The gift comes alongside significant recent momentum at ACDS, including:

  • Rising Enrollment: 50 new enrollments for the 2014-2015 school year compared with 31 new students in 2013, as well as a decrease in attrition.
  • Strong High School Acceptance Rate: Over the past five years, 81% of graduating students who apply to independent high schools have been accepted into their first choice.
  • Enhanced Curriculum:
    • Developmental Designs: introduced into the Middle School in 2012-2013 to help students establish a blend of good relationships, social skills, and engagement with learning.
    • 1:1 iPad program: expanded to all students in grades 3-8 in 2013-2014.
    • Math in Focus, the American version of Singapore Math: introduced in 2013-2014, as well as adding an online learning program through Stanford University for middle school students who are particularly advanced in math.
    • STEM curriculum: first used in 1st and 6th grades in 2013-2014 and will be expanded in 2014.
    • Reading and Writing Workshop: intensive professional development effort launched in spring 2014 as the foundation for ACDS’ Language Arts curriculum.
  • New Leadership Team: Along with the arrival of Scott Baytosh as Head of School in July 2012, several key positions across the school also have found new leadership, and these leaders have been instrumental in continuing to strengthen the ACDS program.
  • Most Successful Fundraising Year: ACDS runs an Annual Fund to raise unrestricted funds for the annual operating costs of the school that are not covered by tuition. The 2013-2014 Annual Fund was the most successful in school history with $207,576 raised and 90% parent participation. This was up from $170,549 raised and 80% parent participation in 2012-2013.
  • New Website, Logo and Marketing Materials: Working with a committee of parents, trustees, and faculty members, ACDS chose a new graphic identity and logo, now being used in and around the school and in published materials.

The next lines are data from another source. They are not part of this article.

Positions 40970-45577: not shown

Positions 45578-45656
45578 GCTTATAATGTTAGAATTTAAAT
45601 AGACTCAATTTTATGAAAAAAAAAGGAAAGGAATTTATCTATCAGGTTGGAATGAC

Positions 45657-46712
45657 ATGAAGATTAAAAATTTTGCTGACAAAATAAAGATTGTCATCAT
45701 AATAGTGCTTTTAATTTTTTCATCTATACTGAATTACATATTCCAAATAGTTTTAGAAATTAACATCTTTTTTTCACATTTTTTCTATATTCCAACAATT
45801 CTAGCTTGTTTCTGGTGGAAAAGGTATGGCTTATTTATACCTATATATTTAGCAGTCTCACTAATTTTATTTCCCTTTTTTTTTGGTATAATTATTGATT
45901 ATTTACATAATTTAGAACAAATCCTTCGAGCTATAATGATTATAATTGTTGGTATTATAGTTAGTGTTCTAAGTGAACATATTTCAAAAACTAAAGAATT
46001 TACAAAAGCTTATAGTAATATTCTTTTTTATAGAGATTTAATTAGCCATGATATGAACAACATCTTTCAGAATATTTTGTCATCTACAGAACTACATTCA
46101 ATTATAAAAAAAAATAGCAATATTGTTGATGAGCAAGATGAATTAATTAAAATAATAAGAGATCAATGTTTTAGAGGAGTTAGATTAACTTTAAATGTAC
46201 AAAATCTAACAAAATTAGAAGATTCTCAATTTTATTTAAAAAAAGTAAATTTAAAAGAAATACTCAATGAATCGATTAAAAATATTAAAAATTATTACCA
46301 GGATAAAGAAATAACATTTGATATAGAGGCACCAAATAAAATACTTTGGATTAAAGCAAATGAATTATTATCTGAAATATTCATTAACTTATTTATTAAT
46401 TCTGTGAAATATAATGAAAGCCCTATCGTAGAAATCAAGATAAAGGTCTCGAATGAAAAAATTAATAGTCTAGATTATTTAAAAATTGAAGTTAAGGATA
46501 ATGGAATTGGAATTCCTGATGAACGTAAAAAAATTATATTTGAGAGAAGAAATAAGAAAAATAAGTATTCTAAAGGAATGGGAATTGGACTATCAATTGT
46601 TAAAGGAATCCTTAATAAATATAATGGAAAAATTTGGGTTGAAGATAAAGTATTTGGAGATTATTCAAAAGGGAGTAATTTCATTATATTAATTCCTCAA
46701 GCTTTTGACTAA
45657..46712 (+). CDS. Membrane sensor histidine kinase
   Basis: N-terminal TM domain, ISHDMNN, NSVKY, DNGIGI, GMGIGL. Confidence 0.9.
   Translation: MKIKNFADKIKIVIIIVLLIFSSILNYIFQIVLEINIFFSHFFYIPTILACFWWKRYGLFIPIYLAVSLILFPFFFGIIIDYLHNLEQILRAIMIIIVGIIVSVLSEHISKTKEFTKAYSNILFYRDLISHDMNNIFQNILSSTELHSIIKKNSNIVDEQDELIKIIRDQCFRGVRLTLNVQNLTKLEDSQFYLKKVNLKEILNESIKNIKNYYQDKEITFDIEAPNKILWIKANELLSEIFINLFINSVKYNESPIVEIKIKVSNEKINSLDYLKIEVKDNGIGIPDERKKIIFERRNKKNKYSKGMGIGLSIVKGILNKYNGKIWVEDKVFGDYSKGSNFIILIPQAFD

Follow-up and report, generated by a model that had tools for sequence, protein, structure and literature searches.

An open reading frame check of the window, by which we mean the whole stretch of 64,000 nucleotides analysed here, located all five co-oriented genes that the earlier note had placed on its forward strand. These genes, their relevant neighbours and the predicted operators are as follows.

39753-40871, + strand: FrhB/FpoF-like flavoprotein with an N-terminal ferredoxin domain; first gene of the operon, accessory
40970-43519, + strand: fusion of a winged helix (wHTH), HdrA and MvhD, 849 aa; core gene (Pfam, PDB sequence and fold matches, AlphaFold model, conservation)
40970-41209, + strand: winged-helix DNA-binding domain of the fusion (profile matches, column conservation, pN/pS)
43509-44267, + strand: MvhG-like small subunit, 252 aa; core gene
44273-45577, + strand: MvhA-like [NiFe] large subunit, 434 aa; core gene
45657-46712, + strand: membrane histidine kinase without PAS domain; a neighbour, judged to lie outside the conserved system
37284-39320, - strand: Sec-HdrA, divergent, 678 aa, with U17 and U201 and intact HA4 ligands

“I couldn’t be more thrilled about the direction in which ACDS is headed,” said Jeff Loveng, President of the Alexandria Country Day School Board of Trustees. “This gift is a strong vote of confidence in the standout excellence of ACDS and the leadership of Scott Baytosh. The school’s continued success was already assured, but this generous gift will go a long way to writing ACDS’ exciting next chapter.”

The gift will support advancements in three key areas:

  • Enhancements to the Curriculum/Instruction: Building on the success of the past two years, ACDS will continue to strengthen its curriculum and instruction:
    • Curriculum: ACDS will continue to expand its Math In Focus program; Middle School Math program; STEM program; 1:1 iPad program; Language Arts instruction, which uses Reading and Writing Workshop as its core curriculum; and more.
    • Instruction: Teachers will be provided with new professional training opportunities and better resources and materials.
  • Improvements to the Campus Interior/Exterior: ACDS has contracted both a landscape architect and an interior architect who specializes in innovative classrooms and learning spaces for areas of improvements that include: